The great questions of whether the world is new or ancient, and all the theological questions derived from them, have risen again in our day, and the [scientific] enquirers have begun to turn towards such questions in a way that, at first glance, appears to be in opposition to the foundations of faith. It is obvious that despite these [scientific] enquiries offering no proof at all and being nothing but conjecture, such conjecture is nonetheless sufficient to destroy the faith in the hearts of those people who have not the means with which to acquire the knowledge and discernment of faith. And since it will become clear to anyone who examines the matter in depth that, even according to the ways of the new hypotheses, there is nothing that impairs the foundations of the faith, but that, on the contrary, it is possible to establish, in accordance with them [i.e. the foundation of the faith and the new hypotheses], new interpretations [of Torah] regarding certain matters of deep knowledge that are themselves not new. Therefore it is my view that as such things become clear, many hearts will be freed from any agitation of the mind.

The great age [of the world], according to the crude understanding of the ancient philosophers, was a stumbling block to the faithful of Israel. The view that the world with all its creatures has been and exists without any possibility of change, and that there are no signs nor wonders nor any change in [human] behaviour, since all the world’s laws in every detail are always and totally determined, is why Maimonides argued at length that [p.11] Aristotle had failed to offer a solid foundation for this thesis. And since it is doubtful, we go back to the tradition [kabbalah], for it is good for us to be the disciples of Moses and Abraham, especially as the view of the earth as more recent agrees with the ways of ethics [musar] and the paths of justice [tzedek], which is also an indication and a proof and an axiomatic truth of any view. Indeed, the ancient [earth] view in this particular form has long ago ceased and disappeared, and the courses of evolution and the transformation of all that is created appear to us so clearly and indisputably through the latest scientific enquiries that anyone who said today that the world of living things and of man has been [as it is] from the very beginning, would be regarded as a deceiver and a foolish man and as not a part of the civilised community.

The new [evolutionary and cosmological] theories say that we see before us worlds [in our universe] in an on-going process of being improved, from the nothingness of the nothingness [“without form”, Gen. 1:2] towards total perfection and completeness. This being the case, we have no road down which we can turn aside [Num. 20:17] from accepting that this is the case with respect to our world. And to say that the whole world and everything in it came into being all at once, or that it has ever been thus, cannot be countenanced by wisdom nor by experience. Whether physical matter [and the world as such] is ancient or not, says the Khazar, does not challenge the foundations of the faith, because our Torah has never concerned itself with the creation in anything other than its form [i.e. not its matter] (although that this is not the view of several of the great sages of Israel). Evolution that occurs with great gradualness, over milliards of years, is what agitates the hearts of the small-minded. They think that evolution is a reason to deny the existence of the living God, but they are greatly mistaken. The knowledge of God is built solely upon the knowledge of unity [of reality]. When we see the great creation and how it is arranged according to laws of wisdom, and the ways of all living things in their bodies and minds and intelligence and how all is arranged in a single system, then we recognize the great Spirit present here, which gives life to everything and makes all possible. And if the ways of wisdom compel us to acknowledge that this came to pass through evolution over myriads of myriad of years, then we feel the utmost wonder at how great and exalted is God the Eternal, for whom working constantly over myriads of years to produce a desired end are to be reckoned as naught or an instant.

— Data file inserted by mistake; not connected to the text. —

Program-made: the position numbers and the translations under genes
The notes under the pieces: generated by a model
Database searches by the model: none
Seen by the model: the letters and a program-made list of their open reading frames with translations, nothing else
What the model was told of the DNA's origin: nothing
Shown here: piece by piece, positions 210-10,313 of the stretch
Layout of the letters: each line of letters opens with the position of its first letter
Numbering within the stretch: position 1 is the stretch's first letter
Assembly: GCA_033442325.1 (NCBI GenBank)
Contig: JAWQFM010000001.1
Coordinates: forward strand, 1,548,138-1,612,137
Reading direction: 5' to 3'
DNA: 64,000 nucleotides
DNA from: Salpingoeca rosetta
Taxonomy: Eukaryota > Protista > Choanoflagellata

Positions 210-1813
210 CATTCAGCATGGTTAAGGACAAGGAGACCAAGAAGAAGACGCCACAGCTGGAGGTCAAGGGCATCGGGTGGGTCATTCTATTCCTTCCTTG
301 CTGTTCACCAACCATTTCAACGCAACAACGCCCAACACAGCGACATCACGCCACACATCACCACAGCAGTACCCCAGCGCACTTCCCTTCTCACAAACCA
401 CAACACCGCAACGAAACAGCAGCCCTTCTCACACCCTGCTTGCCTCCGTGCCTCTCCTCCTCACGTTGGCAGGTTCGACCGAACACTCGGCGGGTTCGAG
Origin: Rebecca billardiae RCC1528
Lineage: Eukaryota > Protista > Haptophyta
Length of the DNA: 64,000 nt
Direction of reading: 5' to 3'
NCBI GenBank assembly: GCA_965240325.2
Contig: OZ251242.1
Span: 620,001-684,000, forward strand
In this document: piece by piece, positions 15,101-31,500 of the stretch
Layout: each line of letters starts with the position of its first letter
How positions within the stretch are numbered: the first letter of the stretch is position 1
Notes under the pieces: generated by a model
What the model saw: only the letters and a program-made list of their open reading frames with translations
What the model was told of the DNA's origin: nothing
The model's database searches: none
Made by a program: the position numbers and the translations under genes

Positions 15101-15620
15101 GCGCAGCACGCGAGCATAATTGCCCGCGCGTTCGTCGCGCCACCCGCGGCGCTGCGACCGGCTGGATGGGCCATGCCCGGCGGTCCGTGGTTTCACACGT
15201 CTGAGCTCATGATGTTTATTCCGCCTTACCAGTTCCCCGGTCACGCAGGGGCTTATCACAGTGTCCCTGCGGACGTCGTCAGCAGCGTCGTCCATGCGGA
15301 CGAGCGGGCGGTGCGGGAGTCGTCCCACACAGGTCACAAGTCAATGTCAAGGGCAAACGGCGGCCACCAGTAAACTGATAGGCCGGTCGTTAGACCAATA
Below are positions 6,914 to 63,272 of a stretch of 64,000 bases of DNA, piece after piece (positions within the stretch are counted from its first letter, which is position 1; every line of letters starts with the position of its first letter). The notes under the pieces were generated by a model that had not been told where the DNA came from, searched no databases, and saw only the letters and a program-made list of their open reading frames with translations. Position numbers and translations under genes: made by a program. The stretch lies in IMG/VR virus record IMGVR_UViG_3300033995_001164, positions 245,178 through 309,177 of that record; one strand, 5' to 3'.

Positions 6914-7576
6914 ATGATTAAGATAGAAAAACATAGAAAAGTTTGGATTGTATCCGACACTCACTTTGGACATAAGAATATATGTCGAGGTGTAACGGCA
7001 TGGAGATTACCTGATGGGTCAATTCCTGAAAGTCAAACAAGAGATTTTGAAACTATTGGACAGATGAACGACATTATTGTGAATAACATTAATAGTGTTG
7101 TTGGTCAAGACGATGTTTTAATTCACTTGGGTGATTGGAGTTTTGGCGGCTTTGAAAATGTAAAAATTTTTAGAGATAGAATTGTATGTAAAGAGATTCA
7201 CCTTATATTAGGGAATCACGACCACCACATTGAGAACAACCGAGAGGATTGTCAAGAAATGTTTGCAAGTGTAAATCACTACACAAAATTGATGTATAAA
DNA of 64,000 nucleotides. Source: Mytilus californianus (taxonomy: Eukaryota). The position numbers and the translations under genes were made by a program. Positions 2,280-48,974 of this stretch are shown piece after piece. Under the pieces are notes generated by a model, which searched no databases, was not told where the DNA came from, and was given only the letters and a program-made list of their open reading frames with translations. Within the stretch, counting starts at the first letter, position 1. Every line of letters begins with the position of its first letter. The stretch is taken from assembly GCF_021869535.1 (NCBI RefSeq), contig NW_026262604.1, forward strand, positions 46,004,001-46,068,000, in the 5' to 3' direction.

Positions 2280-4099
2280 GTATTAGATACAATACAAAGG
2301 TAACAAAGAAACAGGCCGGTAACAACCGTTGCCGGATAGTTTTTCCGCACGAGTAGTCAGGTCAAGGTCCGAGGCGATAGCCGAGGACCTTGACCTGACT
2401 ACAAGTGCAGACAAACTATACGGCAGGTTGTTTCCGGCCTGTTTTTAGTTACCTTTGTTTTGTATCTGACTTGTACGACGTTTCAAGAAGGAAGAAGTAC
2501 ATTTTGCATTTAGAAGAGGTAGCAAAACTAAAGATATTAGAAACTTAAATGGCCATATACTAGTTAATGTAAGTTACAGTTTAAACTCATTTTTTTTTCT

[p.12] Whether God’s law is expressed and fulfilled through free will or determinism is something the sages of all generations have debated. For some it appears that if we admit determinism, then there is no Torah or commandment [mitzvot]. According to the latest investigations, [scientific] theory does indeed tend towards determinism. Even so, it is useful and proper to understand that determinism does not contradict the Torah, except when it is limited to the mechanical laws of nature. But when this [sense of compulsion or determinism] is extended [to include all reality], such as all the rules of justice and evil and righteousness and wickedness, and all the developments that improve the moral resolve of human beings – [when it is understood ] that these, too, are [part of] the totality of universal reality, and that these, too, were established by the very same power that underpins the universal laws of the foundations of reality – then we shall fully acquire the profound understanding that, to the true Presence, the Eternal, we may attribute neither free well no compulsion, since He is above such restrictions. Indeed, it is said of Him: Present [matzu’i] or Being [hoveh]. And since the laws of justice are found at the source of reality, and since the laws of justice demand obligations that are incapable of being interpreted except in the presence of a general will for justice and righteousness, it must be that this law is present through compulsion [i.e. determinism] by the perfect Present One, and therefore the will [i.e. free-will], too, may and must be present.